Proposal Would Return Certain 17-Year-Old Offenders to Juvenile Justice System in Wisconsin
Juvenile incarceration has been in the news lately. Authorities areinvestigating allegations of abuseand assault at Lincoln Hills School for Boys, north of Wausau. As 2016 gets underway, there's another reason the incarceration of youth could make headlines.
Right now, the state tries 17-year-old offenders as adults. But a bill would send non-violent ones through the juvenile system.
In 1996, Wisconsin changed its law moving 17-year-olds into adult court and prison.
But the Wisconsin Council on Children and Families is among groups wanting to roll back the change.
Jim Moeser is deputy director of the advocacy organization. He says "the juvenile system does a much better job working with them" because it offers a better range of services.
"Everything from having kids pay restitution, to help them deal with some of their decision-making skills, drug and alcohol services," Moeser says.
Moeser's organization will encourage legislators to change Wisconsin's law in 2016. Previous efforts have failed. Yet he has high hopes because the bill this time has bipartisan support.
If the group succeeds, non-violent 17-year-olds would go on trial at children's court on Watertown Plank Road.
"It's absolutely the right thing to do," says Mary Triggiano, the presiding judge.
"If we're keeping them in the adult system around very violent high-risk offenders, we often see those kids responding and learning that behavior," Triggiano says. She adds that the brains of 17-year-olds haven't developed fully, so neither have their decision-making skills.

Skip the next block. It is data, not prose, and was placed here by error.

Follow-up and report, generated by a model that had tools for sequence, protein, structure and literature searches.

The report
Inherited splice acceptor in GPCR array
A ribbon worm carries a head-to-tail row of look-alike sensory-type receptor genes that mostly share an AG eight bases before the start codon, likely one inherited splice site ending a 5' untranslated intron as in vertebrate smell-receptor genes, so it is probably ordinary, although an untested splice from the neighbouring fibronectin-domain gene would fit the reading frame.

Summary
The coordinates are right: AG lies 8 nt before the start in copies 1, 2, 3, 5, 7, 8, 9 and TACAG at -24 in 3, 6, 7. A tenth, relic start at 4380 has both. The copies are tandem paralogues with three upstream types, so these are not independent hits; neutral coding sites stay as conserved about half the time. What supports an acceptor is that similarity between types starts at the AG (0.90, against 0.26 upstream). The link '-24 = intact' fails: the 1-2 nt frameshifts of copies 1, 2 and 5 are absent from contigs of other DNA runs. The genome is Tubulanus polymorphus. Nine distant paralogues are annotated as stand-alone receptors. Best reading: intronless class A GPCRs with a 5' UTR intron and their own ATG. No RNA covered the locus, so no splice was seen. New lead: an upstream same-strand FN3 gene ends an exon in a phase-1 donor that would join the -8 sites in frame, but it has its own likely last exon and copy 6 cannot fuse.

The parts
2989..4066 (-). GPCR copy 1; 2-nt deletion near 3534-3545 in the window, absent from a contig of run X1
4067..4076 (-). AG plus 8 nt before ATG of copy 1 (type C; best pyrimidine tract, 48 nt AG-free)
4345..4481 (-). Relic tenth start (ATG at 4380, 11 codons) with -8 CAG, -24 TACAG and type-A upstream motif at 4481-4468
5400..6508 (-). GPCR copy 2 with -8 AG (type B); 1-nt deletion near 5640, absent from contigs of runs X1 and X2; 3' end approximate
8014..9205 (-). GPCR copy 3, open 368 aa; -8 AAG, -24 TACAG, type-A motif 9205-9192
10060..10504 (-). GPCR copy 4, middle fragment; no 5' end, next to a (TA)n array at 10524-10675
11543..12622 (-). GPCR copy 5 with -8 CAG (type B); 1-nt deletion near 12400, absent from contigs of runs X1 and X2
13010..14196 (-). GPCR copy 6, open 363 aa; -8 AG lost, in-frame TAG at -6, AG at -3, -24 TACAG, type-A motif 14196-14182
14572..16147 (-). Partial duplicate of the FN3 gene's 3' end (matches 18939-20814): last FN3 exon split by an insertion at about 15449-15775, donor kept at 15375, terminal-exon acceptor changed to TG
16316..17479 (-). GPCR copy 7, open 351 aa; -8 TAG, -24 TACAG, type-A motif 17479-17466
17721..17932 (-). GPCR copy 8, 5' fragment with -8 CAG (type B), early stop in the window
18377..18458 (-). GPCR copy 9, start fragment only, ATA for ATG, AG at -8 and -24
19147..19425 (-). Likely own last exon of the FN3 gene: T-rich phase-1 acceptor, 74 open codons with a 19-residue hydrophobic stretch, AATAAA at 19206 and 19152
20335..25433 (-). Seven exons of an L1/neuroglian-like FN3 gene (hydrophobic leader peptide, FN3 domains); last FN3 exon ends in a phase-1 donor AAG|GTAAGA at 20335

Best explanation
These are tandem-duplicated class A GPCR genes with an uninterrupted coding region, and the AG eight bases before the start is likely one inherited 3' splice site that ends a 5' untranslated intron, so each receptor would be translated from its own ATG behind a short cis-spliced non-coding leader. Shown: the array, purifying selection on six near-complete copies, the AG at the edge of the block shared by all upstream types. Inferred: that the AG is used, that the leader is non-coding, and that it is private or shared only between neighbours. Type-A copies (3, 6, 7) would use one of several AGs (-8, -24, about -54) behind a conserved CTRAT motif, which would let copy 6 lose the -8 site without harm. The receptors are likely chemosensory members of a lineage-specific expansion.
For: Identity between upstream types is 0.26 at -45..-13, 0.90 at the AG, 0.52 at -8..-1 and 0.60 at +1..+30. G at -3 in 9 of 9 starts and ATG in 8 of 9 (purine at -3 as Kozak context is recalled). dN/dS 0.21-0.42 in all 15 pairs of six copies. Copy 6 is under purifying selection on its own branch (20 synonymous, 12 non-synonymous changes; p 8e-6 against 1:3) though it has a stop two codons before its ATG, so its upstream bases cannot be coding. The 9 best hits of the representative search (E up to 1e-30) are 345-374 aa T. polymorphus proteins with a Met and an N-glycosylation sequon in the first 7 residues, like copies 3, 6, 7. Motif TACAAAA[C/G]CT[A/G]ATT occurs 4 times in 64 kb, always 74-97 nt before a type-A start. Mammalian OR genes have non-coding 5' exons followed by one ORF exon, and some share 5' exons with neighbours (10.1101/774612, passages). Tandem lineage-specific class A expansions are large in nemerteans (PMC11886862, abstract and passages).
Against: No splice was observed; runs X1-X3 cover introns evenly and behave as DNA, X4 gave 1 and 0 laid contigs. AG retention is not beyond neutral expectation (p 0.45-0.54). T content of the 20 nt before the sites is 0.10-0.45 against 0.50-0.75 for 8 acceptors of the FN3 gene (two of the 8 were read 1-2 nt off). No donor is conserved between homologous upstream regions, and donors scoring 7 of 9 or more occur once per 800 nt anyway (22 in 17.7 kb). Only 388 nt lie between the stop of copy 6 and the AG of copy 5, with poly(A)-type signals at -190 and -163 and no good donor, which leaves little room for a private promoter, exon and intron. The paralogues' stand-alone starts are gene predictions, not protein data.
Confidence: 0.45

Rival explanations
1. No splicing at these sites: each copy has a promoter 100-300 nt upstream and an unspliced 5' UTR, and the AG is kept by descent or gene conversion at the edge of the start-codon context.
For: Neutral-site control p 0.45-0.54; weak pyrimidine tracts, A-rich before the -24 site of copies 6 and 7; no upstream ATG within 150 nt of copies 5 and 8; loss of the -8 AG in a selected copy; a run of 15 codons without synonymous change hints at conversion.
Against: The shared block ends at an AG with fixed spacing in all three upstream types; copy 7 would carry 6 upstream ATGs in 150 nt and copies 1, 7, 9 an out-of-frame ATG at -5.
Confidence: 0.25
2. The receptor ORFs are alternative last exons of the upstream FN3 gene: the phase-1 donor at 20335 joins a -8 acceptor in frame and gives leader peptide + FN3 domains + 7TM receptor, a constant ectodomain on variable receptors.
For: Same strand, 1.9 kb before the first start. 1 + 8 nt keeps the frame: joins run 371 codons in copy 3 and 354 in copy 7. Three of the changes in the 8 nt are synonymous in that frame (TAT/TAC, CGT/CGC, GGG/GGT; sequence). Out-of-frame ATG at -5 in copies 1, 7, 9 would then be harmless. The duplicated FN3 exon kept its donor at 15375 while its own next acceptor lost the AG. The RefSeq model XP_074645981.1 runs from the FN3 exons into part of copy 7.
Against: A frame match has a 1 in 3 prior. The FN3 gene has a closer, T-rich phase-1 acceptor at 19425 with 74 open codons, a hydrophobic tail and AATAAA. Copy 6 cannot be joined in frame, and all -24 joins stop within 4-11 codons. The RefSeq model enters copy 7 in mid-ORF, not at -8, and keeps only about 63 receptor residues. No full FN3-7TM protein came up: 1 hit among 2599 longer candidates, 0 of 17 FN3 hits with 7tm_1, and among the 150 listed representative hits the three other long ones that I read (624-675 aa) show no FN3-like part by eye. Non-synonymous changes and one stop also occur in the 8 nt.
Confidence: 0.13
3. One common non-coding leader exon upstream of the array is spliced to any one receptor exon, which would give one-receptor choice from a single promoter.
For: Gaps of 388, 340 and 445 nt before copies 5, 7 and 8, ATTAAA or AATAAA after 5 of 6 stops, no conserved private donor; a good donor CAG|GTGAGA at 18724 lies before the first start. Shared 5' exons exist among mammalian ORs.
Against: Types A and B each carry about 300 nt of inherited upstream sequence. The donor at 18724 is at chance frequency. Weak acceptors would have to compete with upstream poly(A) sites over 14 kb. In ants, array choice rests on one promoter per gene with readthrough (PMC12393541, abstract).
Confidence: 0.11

Andre Brown is a Milwaukee man whose actions at age 17 landed him in the adult system. He had punched a classmate.
"Even though I heard my uncles and my mother in the back of my head (saying) 'this is wrong,' I didn't have enough discipline in myself to keep myself from doing what I did," Brown says.
These days, Brown is a case manager for Project RETURN and helps inmates re-enter the community. He says it's especially tough to find them work if they went to prison when they were just 17 with no job skills.
And an adult criminal record can haunt them, according to Steve Dykstra. He works with at-risk youth as director of Milwaukee County's Mobile Urgent Treatment Team.
Dykstra asks, "Something you do when you're 17 years old, how long should it mark the rest of your life? Should it still be a thing that defines jobs you can get when you're 30? When you're 40?"
Yet Milwaukee Ald. Mark Borkowski isn't sympathetic.
"It seems like we're making everything way too easy. We need to put the hammer down and let people know that there are consequences," Borkowski says.
Borkowski says young people have been getting involved in more serious crimes, including auto thefts. He says they're technically non-violent, yet they can have deadly outcomes when the teen thieves speed and crash.
The Wisconsin Counties Association has fiscal concerns about returning some 17-year-olds to the juvenile system. Kyle Christianson is director of government affairs. He says the change would require counties to cover the cost of services. Christianson says if counties would not get more funding, juvenile offenders would lose.
He describes two scenarios: "The 17-year-old goes to the juvenile system and they get no services, or the 17-year-old gets services, but they're at the expense of 10-16 year olds who we're currently serving."
In the last few years, three states have returned 17-year-olds to juvenile courts. Wisconsin is one of nine states that still consider 17-year-olds as adults when it comes to crime.